The Jazz Standards: A Guide to the Repertoire by Ted Gioia; Oxford University Press, 544 pages ($39.95). Truth to tell, a bigger book would have been better, a book that's more of an encyclopedia of jazz standards than a guide. In other words, a book that had made room for such jazz tunes as Thelonious Monk's "Ask Me Now" (his most beautiful, arguably, after "Round Midnight"), Django Reinhart's "Minor Swing" (Django's "Nuages" made the cutoff) and Charles Mingus' monstrous riff tune "Hora Decubitus" (no matter what title it had on the records of Mingus' "Jazz Workshop" including, quite memorably, "E's Flat, Ah's Flat Too.") But that book would have knocked on the door of 1,000 pages and that would have been an awful lot to ask of both jazz historian and musician Ted Gioia and the Oxford University Press.
What Gioia clearly valued as much as anything was familiarity. These are the tunes that show up most frequently on jazz records or are called most often by jamming jazz musicians. They comprise an amazing common language for jazz players –songs originally written for Broadway, Hollywood, Tin Pan Alley or God-knows-where sit alongside compositions by musicians themselves that other jazz musicians love to play. We're talking about tunes like Monk's "Straight, No Chaser" and "Evidence" (a bit of telegraphy based on the changes of "Just You, Just Me"), Paul Desmond's 5/4 beauty "Take Five," Duke Ellington's "Mood Indigo" and John Coltrane's slightly fiendish, chord-gobbling "Giant Steps."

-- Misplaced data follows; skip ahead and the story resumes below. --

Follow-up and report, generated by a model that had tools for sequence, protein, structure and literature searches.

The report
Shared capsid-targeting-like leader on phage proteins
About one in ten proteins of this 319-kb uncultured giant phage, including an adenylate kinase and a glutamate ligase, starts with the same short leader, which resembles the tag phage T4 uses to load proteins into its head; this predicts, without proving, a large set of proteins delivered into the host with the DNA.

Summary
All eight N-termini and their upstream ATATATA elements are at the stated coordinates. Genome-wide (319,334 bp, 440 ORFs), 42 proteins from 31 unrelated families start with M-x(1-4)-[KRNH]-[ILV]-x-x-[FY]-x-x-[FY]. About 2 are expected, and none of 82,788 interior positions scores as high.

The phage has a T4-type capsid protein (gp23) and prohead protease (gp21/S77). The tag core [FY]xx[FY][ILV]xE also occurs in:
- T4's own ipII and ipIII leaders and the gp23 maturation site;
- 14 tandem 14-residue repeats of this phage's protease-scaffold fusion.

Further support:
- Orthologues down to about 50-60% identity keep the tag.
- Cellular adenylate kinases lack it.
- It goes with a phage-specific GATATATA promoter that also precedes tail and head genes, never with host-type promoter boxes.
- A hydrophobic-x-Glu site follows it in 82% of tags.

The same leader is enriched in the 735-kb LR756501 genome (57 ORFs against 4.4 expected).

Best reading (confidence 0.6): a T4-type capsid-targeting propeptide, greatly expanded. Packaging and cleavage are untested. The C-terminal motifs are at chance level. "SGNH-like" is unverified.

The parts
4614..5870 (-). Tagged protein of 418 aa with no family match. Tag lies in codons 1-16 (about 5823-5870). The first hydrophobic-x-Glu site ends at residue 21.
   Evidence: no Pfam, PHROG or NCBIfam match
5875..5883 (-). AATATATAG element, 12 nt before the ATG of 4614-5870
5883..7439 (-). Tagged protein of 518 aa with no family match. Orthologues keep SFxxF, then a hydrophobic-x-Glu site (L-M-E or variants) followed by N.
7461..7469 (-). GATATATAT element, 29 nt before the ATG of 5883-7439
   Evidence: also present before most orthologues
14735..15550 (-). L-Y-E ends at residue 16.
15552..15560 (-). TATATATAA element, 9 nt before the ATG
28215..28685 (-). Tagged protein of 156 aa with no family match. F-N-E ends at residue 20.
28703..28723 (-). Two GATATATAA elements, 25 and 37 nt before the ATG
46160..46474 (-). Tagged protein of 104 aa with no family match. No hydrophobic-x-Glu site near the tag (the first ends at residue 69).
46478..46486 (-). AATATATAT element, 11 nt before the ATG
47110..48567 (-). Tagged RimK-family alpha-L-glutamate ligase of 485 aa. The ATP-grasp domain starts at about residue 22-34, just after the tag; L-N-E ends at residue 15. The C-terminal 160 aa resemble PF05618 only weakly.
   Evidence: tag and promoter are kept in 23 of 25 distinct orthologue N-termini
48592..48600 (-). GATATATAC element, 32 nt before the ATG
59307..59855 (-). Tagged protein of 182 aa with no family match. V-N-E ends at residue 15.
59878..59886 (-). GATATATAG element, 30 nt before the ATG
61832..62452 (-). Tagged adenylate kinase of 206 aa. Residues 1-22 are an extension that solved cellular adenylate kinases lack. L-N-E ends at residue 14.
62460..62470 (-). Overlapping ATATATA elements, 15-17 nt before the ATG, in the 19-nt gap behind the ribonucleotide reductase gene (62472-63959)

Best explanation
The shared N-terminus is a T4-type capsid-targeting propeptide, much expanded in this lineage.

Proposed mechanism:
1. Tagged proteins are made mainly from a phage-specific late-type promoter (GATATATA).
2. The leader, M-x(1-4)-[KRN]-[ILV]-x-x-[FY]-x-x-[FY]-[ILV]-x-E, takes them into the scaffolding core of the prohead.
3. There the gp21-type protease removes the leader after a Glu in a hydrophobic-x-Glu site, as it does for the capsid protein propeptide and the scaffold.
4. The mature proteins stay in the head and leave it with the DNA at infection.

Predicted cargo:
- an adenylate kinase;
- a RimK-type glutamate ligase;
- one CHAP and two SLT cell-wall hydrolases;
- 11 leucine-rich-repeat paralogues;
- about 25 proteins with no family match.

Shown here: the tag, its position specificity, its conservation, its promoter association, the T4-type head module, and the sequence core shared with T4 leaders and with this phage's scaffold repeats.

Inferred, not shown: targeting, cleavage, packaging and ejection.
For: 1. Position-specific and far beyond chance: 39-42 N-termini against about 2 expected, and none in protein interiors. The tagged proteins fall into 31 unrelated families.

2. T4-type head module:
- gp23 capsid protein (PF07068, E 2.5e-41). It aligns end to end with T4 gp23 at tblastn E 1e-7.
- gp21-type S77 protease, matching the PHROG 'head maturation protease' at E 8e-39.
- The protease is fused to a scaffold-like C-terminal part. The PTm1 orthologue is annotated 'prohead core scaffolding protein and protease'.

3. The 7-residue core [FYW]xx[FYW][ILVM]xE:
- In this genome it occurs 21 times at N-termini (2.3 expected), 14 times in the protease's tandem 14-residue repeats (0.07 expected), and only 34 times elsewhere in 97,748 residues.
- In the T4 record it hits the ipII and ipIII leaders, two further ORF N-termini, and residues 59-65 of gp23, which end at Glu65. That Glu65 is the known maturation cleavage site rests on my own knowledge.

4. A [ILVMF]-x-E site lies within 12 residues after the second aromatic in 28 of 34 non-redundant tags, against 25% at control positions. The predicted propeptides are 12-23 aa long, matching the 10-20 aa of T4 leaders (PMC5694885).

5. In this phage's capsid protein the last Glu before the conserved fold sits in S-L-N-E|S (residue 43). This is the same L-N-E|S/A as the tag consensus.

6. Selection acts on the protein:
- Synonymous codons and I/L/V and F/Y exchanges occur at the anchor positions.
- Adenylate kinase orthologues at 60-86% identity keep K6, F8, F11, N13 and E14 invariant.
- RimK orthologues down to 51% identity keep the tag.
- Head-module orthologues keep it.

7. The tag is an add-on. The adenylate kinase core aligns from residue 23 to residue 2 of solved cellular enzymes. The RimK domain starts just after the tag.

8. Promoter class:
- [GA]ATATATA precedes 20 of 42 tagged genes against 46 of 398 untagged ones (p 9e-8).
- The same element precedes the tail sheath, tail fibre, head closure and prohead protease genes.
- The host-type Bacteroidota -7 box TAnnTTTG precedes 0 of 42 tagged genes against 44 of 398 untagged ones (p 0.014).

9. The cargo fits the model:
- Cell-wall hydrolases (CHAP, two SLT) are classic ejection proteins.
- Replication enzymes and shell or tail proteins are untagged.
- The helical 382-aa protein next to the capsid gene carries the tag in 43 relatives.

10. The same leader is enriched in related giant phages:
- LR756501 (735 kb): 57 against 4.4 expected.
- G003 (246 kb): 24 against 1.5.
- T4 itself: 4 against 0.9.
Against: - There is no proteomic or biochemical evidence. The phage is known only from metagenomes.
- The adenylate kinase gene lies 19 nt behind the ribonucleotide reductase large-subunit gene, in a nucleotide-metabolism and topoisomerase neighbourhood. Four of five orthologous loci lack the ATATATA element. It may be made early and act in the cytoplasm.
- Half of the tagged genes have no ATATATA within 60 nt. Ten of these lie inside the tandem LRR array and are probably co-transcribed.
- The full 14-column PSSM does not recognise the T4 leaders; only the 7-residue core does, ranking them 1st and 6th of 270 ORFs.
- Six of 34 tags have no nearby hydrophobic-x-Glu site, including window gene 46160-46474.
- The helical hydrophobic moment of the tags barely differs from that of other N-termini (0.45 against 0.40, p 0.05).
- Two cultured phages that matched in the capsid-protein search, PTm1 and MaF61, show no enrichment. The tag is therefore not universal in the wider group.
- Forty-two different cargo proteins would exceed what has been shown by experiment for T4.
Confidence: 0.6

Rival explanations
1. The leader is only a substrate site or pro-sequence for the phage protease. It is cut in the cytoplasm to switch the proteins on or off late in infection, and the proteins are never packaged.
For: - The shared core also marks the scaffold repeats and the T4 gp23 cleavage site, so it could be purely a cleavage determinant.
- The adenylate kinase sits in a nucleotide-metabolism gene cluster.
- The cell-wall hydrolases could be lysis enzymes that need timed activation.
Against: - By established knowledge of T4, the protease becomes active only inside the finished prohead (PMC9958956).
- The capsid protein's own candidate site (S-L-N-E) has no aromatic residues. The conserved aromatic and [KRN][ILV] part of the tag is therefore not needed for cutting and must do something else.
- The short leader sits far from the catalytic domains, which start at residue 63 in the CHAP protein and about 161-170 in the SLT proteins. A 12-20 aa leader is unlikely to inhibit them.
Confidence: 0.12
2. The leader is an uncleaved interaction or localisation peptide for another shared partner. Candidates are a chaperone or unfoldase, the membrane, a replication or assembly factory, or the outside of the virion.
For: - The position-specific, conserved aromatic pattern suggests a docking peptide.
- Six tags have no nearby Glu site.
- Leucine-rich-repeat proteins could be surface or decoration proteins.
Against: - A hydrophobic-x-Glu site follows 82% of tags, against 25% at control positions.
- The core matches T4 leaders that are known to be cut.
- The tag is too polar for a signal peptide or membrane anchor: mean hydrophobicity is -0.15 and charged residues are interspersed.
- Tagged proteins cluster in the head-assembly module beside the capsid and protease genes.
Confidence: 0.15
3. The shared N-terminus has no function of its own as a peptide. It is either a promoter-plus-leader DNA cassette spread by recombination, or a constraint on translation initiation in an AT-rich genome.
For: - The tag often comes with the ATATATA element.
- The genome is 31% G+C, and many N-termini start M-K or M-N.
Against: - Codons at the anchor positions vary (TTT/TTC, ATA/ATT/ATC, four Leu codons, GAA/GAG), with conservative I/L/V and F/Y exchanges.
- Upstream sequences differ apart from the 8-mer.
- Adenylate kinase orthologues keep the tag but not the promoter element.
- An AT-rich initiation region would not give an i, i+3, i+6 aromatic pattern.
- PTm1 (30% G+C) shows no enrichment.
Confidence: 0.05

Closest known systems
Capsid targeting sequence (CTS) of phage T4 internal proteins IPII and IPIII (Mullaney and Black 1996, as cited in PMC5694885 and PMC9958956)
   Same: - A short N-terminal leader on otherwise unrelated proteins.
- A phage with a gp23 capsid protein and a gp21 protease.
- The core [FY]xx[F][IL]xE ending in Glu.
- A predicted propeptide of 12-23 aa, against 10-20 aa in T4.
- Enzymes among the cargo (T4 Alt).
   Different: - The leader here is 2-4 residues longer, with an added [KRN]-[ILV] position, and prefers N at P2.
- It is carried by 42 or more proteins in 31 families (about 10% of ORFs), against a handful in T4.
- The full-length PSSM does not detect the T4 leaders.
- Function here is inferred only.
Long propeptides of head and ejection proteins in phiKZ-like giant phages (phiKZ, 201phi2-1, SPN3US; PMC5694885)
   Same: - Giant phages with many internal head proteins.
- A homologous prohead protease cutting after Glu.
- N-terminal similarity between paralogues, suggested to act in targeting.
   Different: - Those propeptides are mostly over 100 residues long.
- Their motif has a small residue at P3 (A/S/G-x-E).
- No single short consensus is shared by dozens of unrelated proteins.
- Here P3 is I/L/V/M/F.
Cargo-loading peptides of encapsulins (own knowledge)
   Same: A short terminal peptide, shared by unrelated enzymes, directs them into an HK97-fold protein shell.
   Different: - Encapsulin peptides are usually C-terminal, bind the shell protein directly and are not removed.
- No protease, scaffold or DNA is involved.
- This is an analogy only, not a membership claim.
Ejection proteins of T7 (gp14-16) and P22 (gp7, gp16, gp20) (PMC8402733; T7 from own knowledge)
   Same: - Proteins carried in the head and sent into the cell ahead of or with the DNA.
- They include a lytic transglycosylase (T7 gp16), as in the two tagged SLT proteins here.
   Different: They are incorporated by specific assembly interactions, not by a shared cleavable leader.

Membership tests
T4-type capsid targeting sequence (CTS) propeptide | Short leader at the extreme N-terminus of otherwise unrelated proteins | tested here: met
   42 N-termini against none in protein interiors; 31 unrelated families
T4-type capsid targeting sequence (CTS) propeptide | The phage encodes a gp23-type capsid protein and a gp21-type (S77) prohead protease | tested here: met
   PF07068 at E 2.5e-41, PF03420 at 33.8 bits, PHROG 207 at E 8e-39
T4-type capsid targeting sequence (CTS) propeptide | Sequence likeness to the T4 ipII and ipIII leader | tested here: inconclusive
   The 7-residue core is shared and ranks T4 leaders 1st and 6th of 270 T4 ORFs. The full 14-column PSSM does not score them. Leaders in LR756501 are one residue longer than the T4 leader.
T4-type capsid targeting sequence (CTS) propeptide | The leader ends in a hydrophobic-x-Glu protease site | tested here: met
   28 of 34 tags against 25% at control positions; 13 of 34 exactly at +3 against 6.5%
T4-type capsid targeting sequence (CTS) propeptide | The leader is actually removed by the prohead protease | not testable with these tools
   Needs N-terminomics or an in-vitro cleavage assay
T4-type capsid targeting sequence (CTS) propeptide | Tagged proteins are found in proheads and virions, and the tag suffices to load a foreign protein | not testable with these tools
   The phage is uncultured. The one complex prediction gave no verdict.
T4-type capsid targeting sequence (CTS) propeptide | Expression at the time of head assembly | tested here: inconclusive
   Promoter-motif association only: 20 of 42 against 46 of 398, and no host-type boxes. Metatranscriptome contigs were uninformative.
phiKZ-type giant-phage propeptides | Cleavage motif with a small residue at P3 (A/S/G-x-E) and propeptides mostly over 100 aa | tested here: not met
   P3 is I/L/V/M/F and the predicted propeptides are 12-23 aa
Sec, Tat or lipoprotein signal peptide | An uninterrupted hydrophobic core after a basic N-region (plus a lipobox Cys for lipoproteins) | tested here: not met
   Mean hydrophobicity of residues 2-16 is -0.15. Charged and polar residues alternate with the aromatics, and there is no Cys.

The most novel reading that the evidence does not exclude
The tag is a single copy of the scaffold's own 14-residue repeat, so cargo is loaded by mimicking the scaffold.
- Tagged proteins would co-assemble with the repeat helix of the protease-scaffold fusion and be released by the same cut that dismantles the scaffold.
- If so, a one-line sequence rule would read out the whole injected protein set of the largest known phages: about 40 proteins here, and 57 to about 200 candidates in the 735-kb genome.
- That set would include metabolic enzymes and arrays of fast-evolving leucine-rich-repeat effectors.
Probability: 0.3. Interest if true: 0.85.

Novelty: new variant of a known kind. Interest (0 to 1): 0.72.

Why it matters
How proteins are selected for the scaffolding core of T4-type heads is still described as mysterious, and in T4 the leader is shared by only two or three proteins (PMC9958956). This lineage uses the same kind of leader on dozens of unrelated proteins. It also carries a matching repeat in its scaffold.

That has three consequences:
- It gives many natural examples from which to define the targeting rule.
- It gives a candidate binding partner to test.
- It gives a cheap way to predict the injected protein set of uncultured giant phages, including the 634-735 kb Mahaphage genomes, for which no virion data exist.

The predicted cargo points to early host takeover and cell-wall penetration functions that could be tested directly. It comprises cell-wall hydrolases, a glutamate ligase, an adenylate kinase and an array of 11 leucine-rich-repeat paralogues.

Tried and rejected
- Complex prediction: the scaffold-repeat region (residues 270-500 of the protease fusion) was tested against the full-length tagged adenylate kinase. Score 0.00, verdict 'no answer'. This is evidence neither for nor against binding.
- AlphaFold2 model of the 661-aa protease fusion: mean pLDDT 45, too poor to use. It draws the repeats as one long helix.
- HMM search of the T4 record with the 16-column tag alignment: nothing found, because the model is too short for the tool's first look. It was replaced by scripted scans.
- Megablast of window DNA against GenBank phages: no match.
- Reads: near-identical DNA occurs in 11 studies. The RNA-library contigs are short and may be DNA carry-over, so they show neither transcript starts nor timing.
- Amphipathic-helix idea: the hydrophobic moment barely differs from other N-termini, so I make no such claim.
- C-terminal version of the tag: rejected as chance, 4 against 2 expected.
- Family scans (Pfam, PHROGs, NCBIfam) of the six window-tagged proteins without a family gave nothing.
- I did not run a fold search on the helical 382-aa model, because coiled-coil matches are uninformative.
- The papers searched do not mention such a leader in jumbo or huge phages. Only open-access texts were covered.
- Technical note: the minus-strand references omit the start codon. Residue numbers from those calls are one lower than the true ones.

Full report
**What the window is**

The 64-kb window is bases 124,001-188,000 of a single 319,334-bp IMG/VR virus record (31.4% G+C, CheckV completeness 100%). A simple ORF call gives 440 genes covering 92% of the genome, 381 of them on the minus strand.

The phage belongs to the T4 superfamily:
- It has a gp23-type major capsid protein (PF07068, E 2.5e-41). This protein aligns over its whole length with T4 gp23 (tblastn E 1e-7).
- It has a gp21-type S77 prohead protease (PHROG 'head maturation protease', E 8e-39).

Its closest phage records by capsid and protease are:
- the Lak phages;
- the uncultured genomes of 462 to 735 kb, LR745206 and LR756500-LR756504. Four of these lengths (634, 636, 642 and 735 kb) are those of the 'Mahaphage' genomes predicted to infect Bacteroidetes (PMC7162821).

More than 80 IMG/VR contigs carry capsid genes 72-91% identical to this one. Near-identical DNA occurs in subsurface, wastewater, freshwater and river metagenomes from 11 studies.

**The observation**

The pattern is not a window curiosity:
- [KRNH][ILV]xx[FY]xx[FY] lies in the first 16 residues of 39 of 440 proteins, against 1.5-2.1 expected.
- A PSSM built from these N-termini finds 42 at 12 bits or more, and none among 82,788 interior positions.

What makes this obviously valuable reference book as much fun to read as it is informative is its thoroughness – how, say, Jerome Kern's "All the Things You Are," for instance, became such a challenging standard (at the end of his life, an 82-year-old Bud Shank told Gioia he'd never felt he'd exhausted its possibilities after 60 years of performance) despite its first appearance in a 1939 musical called "Very Warm for May" that was such a flop, only 20 people showed up for the second show after the reviews hit. A first-rate book of jazz basics that fills a longtime need.– Jeff Simon